Need urgent help? Call 112.
The "112" number is the European emergency number that anyone in an emergency in one of the 28 Member States of the European Union can call 24/7 to obtain immediate assistance from the fire service, a medical team or from the police. You can phone 112 from a landline or mobile phone. The European emergency number is available everywhere free of charge.
How to call an emergency number?
Before calling 112, try to gather the following information:
- Precise location
- The type of emergency
- Possible casualty count
Call 112 for the fire service, an ambulance or the police. In Belgium, call 101 for urgent police assistance.
- Wait calmly until you get an answer. Don't hang up, because that will put you back at the end of the queue.
- Give the exact address where the emergency services have to go (town, street, number, intersection, special access, emergency telephone, etc.) and possibly the easiest way to get there. If you are not calling from the place of the incident, tell the operator that.
- Describe what happened (fire, accident, assault, burglary, heart attack, etc.).
- State whether people are in danger or are injured, and how many.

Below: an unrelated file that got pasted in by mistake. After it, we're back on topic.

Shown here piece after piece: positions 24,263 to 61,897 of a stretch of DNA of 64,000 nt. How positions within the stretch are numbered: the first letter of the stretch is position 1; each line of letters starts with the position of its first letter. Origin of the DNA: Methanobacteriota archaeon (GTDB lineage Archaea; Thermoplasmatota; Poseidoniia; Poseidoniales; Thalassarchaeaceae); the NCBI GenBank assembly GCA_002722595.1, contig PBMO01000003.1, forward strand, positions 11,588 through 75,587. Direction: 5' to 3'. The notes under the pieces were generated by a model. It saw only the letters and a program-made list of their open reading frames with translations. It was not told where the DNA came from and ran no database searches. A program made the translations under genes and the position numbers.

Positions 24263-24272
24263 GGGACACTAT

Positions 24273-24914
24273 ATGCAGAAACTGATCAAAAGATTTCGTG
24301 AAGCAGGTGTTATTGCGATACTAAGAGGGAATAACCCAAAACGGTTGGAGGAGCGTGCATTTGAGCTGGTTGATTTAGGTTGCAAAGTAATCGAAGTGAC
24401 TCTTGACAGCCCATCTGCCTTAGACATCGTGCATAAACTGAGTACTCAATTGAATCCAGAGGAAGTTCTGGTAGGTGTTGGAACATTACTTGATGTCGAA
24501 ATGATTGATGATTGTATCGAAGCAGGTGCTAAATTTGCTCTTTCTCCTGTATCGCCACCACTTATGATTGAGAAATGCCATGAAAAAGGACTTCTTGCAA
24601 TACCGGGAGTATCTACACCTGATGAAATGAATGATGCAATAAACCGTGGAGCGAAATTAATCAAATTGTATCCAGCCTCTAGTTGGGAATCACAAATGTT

- Do not hang up before the operator tells you to. Keep your phone free afterwards, so that the operator can call back if he/she needs more information.
- If the situation should worsen or improve, then call back to the emergency number to notify this information
In case of a major disaster, the emergency services may receive calls from different people. In that case, the operator will only ask for additional useful information. If you don't have more information, you can hang up when the operator tells you to. In that way, the phone lines to the emergency control centres will be kept free so that other calls can be taken.
If you accidentally call an emergency number, don't hang up but tell the operator that everything is OK. This way the operator will be sure that you are not calling about an emergency.